Milan: as busy as the city itself

It was 1774, at the peak of the Enlightenment, when Empress Mary Therese commissioned the Botanic Garden of Milan on the grounds once owned by the Jesuit Company. The aim of the garden was to produce medicinal herbs for the Spezieria di Brera, the local pharmacy.
Hidden behind the imposing palace of the Brera Academy, this little green corner in the historical heart of Milan houses plants, flowers and insects and is the ideal place to take shelter from the chaotic city.
When walking along the narrow cobbled lanes don’t forget to admire the sage flowerbeds and the columbines and save the date in May to go and see the beautiful peony in blossom .
If you’d like to take part in one of the many garden activities, we can suggest some of these:
Guided tours for schools
Guided tours for individuals
Art and Science educational labs
Technology for visually impaired and blind visitors supported by the Rotary Club Milano Brera and Unione Italiana Ciechi e Ipovedenti di Milano, the association for the visually impaired in Milan.
Ecohotel in Milan area: Agriturismo L’Aia

Botanic Garden of Padua: a magical atmosphere arriving from its Renaissance origins

The Botanic Garden of Padua is one of the oldest Botanic Gardens worldwide and yet it doesn’t show any sign of decay.
It must be due to the the magical atmosphere and the mysterious signs that you can find there; the garden design is based on geometrical forms, one inside the other: small squares inside a circle with the circle inside a larger square.
The original design dates back to 1545, a time when geographical, astrological and numerical signs had a powerful meaning.
Nowadays we’ve unfortunately lost the ability to understand their meaning, but the works that the garden has undergone over the last few years have intentionally left these original shapes and design.
One area of the garden is designated to illustrate the earth’s biodiversity and it features bio topics ranging from equatorial forests to polarland. One of the main attractions is the Active Solar Building where state of art sustainable and ecofriendly technologies have been applied: rain water is collected in a reservoir, water at 24°C is pumped from an underground spring for tropical plants, while creepers cover a section of the house and help reduce smog and pollutants elements in the air.
The garden houses a Saint Peter’s Palm, dating back to 1585, which the German poet Goethe celebrated in some of his poems
And obviously, enough this wonderful masterpiece of botanical art could not but attract the interest of Unesco: the Botanic Garden of Padua is, deservedly, featured in the List of the World Heritage Sites.
Ecohotel in the area around Padua: Agriturismo La Buona Terra

Rome: Queen Christina of Sweden’s bathtub and the succulent plants

Tucked away along the banks of the river Tiber, a few steps from Villa Farnesina where Raphael frescoed the villa walls and met his beautiful Fornarina, sits the Botanic Garden of Rome.
In the refreshing shadow of tall oaks, maples and viburnums, green parrots squawk, flying over the garden’ s grounds. Visitors from around the world admire them agape: Rome is a Mediterranean city but parrots flying free and playing hide and seek are not really a normal sight to behold in the capital.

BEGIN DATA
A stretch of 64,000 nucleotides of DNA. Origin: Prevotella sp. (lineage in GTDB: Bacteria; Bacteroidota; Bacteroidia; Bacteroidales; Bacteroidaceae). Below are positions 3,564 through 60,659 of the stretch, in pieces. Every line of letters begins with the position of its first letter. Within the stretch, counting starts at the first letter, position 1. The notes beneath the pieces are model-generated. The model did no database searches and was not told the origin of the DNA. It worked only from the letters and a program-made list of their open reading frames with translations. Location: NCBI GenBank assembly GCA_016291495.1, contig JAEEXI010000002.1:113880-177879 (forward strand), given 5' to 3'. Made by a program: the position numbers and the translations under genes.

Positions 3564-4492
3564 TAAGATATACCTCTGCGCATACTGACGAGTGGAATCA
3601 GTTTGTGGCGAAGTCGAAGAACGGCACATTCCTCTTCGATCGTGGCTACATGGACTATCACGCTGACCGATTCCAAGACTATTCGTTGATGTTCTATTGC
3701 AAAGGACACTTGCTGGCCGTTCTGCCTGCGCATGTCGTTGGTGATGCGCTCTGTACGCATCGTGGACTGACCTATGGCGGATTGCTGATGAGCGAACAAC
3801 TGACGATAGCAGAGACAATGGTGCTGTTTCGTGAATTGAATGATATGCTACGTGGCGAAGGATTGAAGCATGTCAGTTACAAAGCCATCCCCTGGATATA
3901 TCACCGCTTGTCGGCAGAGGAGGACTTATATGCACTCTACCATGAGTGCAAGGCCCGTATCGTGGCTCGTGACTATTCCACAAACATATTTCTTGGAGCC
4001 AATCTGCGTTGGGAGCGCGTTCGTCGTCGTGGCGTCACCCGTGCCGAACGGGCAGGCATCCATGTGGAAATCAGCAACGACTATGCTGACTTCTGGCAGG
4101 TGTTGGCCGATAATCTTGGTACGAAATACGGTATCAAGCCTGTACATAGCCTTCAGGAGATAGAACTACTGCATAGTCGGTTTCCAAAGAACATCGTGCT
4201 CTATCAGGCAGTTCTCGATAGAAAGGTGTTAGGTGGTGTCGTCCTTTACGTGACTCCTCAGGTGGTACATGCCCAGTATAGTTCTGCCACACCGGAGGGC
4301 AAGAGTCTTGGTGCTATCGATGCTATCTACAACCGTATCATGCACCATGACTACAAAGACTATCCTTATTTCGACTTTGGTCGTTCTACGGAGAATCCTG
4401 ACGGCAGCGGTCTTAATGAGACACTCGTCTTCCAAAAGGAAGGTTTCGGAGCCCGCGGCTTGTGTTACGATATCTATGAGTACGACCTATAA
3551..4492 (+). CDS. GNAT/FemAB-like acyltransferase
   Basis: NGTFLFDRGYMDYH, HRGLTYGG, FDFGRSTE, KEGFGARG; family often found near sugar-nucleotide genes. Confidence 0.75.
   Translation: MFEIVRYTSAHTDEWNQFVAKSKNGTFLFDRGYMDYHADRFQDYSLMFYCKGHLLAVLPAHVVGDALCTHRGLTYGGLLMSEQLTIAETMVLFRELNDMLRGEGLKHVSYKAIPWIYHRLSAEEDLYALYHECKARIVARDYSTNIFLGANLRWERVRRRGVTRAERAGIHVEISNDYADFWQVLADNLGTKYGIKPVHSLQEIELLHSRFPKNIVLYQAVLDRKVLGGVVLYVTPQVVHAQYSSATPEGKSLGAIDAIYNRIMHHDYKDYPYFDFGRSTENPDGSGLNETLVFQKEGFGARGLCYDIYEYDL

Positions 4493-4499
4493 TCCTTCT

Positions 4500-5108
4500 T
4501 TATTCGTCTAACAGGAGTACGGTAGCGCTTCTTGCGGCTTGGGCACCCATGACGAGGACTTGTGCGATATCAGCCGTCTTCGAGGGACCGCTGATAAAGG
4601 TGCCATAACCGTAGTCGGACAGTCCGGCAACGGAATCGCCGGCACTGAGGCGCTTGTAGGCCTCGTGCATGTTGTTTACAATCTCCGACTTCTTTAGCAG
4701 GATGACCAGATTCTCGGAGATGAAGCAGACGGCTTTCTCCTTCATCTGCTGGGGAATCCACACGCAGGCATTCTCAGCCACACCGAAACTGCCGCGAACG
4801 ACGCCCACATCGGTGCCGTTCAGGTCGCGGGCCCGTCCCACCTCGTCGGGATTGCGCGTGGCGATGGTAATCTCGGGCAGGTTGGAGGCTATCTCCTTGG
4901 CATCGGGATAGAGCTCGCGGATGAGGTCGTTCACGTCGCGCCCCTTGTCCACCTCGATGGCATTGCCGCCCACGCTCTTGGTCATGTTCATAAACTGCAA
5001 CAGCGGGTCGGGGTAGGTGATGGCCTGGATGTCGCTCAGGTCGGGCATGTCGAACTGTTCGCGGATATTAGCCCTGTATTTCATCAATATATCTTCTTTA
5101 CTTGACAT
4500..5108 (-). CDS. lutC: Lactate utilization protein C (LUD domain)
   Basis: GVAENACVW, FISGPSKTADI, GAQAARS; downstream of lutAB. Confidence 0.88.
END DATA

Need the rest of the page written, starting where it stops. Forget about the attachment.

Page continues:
One of the most interesting areas is the Japanese Garden: bamboos dancing in the wind, delicate silk flowers and little gazebos to sit and meditate, or just read some pages of your book away from the bustling city.
The garden lies on the old site of Palazzo Corsini, the palace Queen Christina of Sweden lived in after leaving Sweden.
A sign of her on-going presence can be found in the garden: the black tub full of succulent plants was actually once her bathtub.
Isn’t it incredible touching the same black stone where she once laid her hand 400 years ago?
Eco B&B in Rome: B&B Macromondo

Botanic Garden of Palermo: the germoplasma project and the seed bank

The Botanic Garden of Palermo was founded in 1779 as the city’s medical herb garden. It was the centre of research and a focal point for projects that brought botanic specialists and enthusiasts from all over the world together.
It ‘s not a surprise then to find a Ficus Magnolides with an umbrella as wide as 1,200 square meters, shipped from New Zealand more than a century ago.
The tallest tree is an Araucaria Columnaris which is 35 meters high.
Interested in some more numbers?
Do you know that the garden houses more than 12,000 green species? It’s an immense patrimony of plants, flowers and seeds.
Seeds and their conservation are at the centre of a special project launched in 1993,the Germplasm Bank project, whose main aim is the conservation, multiplication, characterisation and documentation of seeds from Mediterranean countries. The project is an attempt to counteract the risk of bio diversity decline.
Don’t miss a visit to the carnivorous plan glass house: it will be the highlight of the day for kids…and maybe the adults too.
Ecohotel in Palermo: Hotel Orleans

Cover image: Botanic Gardens of Villa Taranto, Lago Maggiore, ph. by Irene Grassi, via flickr


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